A streamlined version of the Governor's Clean Air Commission assumed the task of implementing a comprehensive plan to improve Utah's air and will continue to meet for at least a year, a state official said Friday.

The Clean Air Commission essentially closed out its duties after an afternoon discussion session of more than 100 recommendations for improving air quality, said Burnell Cordner, director of the state Bureau of Air Quality.The recommendations - which include such proposals as dedicating freeway commuter lanes, establishing major education programs, setting stricter emissions standards and building a light-rail system - are expected to be incorporated in legislative proposals over several years, beginning with the January 1991 session.

Budget and legislative priorities outlined in a preliminary report on the recommendations include:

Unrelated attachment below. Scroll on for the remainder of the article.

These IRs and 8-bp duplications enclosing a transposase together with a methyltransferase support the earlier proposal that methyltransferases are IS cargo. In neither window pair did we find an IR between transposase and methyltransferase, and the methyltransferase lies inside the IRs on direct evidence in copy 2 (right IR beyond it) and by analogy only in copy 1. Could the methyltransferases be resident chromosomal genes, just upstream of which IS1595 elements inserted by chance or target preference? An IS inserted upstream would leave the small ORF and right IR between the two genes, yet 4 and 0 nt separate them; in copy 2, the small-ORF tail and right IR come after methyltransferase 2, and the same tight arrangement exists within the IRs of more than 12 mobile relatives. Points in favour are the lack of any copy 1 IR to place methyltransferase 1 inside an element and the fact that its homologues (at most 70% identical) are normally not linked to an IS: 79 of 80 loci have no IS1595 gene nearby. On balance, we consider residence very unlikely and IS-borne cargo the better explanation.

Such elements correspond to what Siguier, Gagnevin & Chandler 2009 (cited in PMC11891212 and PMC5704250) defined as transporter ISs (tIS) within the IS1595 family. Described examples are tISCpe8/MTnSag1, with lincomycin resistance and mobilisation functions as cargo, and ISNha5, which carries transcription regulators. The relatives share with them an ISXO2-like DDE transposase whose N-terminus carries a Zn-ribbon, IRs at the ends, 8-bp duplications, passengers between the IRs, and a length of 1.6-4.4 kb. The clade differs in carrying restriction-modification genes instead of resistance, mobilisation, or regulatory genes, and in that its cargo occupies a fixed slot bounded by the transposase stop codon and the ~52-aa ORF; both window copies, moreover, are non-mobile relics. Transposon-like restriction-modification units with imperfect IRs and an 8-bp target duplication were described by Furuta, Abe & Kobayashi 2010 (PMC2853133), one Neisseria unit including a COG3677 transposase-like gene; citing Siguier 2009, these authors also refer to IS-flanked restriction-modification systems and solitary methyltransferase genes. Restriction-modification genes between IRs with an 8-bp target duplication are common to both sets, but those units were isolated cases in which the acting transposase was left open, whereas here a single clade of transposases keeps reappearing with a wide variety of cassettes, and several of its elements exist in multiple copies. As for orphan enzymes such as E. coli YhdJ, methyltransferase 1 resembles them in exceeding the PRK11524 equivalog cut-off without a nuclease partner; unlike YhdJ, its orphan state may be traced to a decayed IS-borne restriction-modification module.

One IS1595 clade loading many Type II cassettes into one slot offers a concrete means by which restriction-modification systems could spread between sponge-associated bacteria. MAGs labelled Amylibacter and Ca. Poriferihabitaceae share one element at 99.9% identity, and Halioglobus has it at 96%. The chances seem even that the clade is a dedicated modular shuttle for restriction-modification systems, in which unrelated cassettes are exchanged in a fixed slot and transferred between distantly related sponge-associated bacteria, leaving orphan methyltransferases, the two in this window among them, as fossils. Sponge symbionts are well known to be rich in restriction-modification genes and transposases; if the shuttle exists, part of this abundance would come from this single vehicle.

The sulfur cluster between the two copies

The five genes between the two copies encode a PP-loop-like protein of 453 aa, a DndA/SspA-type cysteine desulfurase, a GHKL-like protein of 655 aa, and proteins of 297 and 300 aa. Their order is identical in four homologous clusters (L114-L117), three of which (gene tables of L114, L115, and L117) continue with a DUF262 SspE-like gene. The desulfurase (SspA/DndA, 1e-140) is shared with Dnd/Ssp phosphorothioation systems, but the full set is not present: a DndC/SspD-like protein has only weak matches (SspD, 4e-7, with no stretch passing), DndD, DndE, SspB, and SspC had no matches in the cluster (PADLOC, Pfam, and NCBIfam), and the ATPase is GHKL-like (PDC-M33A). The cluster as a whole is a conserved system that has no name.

- Setting up a public education program.

- Creating an improved emissions inventory.

- Providing additional training for emissions inspectors and mechanics along the Wasatch Front.

- Funding increases in Bureau of Air Quality staff.

- Providing technical assistance and information for small businesses relating to air quality.

- Creating incentive programs to encourage replacement of wood-burning stoves and fireplaces with cleaner heating sources.

- Dedicating a quarter-cent sales tax to fund light-rail transit and to double the number of buses and transit routes.

- Establishing incentives for purchase or conversion of vehicles or fleets to meet a clean fuel standard.

- Setting up a program that requires emissions certification when vehicles are sold.

- Establishing an emissions inspection program for government vehicles.